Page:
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The Army of the Potomac--A Sharp-Shooter on Picket Duty

Winslow Homer

American Art

As a result of the development in the 1860s of a far more accurate telescopic rifle, sharpshooters were first used extensively in the Civil War. A contemporary account noted: “Some of those Yankee sharpshooters . . . had little telescopes on their rifles that would fetch a man up close until he seemed to be only 100 yards away from the muzzle. I’ve seen them pick a man off who was a mile away. They could hit so far you couldn’t hear the report of a gun. You wouldn’t have any idea anybody was in sight of you, and all of a sudden, with everything as silent as the grave and not a sound of a gun, here would come . . . one of those ‘forced’ balls and cut a hole clear through you.”
MEDIUM Wood engraving
DATES 1862
DIMENSIONS Sheet: 9 1/16 x 13 5/8 in. (23 x 34.6 cm) Frame: 16 3/4 x 22 3/4 x 1 1/2 in. (42.5 x 57.8 x 3.8 cm)  (show scale)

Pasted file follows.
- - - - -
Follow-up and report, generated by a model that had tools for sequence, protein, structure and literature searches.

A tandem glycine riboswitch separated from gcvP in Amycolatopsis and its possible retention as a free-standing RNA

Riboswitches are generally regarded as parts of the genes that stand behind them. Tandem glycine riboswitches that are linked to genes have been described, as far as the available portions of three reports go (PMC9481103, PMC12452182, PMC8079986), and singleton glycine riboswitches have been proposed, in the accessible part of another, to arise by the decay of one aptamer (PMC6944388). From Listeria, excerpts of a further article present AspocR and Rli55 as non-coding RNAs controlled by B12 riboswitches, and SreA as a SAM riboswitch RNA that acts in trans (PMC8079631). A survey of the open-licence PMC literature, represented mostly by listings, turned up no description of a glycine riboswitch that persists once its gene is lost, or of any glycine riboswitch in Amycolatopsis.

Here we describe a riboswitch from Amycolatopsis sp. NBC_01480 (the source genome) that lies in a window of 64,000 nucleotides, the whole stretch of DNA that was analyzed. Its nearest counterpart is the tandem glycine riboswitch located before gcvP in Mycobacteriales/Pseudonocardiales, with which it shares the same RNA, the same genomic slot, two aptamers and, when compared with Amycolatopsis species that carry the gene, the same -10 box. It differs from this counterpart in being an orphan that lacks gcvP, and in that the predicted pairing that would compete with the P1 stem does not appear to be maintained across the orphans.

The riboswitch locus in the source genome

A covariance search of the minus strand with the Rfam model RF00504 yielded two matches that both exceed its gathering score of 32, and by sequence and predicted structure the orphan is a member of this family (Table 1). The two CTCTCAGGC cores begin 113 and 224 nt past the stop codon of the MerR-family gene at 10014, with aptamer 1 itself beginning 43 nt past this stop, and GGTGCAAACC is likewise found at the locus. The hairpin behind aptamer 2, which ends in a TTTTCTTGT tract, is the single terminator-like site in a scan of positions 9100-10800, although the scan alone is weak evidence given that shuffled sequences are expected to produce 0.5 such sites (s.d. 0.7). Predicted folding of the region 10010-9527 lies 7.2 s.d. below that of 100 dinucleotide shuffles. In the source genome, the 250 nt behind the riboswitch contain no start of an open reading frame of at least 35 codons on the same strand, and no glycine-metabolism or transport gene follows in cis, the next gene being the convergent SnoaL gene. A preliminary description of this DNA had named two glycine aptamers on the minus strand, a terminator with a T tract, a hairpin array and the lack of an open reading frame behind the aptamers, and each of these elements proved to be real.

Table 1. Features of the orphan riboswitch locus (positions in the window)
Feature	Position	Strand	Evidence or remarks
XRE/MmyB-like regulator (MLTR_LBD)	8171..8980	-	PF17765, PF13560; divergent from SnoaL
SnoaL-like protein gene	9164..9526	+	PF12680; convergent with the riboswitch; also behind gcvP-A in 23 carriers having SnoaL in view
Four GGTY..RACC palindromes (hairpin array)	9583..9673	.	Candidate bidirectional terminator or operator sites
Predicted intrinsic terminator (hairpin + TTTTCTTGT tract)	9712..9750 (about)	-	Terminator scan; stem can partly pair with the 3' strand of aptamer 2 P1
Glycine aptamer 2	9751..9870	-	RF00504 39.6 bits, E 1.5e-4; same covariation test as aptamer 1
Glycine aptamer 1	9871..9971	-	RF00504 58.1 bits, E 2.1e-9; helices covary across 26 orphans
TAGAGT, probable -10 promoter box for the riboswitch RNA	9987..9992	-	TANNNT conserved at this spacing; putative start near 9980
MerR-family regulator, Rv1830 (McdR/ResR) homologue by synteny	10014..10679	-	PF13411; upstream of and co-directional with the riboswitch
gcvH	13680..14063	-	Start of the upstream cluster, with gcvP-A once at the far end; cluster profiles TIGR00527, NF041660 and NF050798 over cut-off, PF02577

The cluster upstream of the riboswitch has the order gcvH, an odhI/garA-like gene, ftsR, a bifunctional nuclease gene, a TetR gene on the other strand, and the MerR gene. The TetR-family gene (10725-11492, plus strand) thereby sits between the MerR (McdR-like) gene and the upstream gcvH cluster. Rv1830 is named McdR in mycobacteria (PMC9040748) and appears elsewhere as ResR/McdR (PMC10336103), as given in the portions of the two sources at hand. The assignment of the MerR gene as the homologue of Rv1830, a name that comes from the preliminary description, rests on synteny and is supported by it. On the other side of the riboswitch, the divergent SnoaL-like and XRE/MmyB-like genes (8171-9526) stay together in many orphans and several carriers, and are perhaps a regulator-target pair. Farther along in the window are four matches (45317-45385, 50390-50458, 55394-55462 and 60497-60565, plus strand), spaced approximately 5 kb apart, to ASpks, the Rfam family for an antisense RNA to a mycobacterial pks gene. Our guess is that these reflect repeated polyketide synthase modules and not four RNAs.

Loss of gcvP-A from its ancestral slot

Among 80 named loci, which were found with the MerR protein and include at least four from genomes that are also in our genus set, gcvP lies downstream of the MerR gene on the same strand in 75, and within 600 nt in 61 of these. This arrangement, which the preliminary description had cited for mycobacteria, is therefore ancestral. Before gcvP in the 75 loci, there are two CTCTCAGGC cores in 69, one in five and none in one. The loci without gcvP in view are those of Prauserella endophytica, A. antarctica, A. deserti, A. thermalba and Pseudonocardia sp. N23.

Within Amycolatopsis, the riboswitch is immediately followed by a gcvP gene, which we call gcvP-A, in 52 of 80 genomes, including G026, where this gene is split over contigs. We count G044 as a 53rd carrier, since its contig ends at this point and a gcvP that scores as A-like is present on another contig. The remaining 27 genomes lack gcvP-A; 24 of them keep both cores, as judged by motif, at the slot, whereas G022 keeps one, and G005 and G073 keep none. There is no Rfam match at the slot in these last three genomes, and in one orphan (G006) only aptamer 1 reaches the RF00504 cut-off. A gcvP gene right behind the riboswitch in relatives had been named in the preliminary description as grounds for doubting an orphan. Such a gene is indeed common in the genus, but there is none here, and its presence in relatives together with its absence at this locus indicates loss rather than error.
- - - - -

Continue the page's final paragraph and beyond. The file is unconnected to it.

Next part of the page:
CREDIT LINE Gift of Harvey Isbitts
MUSEUM LOCATION This item is not on view
CAPTION Winslow Homer (American, 1836–1910). The Army of the Potomac--A Sharp-Shooter on Picket Duty, 1862. Wood engraving, Sheet: 9 1/16 x 13 5/8 in. (23 x 34.6 cm). Brooklyn Museum, Gift of Harvey Isbitts, 1998.160.10 (Photo: Brooklyn Museum, 1998.160.10_print_bw.jpg)
IMAGE overall, 1998.160.10_print_bw.jpg. Brooklyn Museum photograph
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RIGHTS STATEMENT No known copyright restrictions
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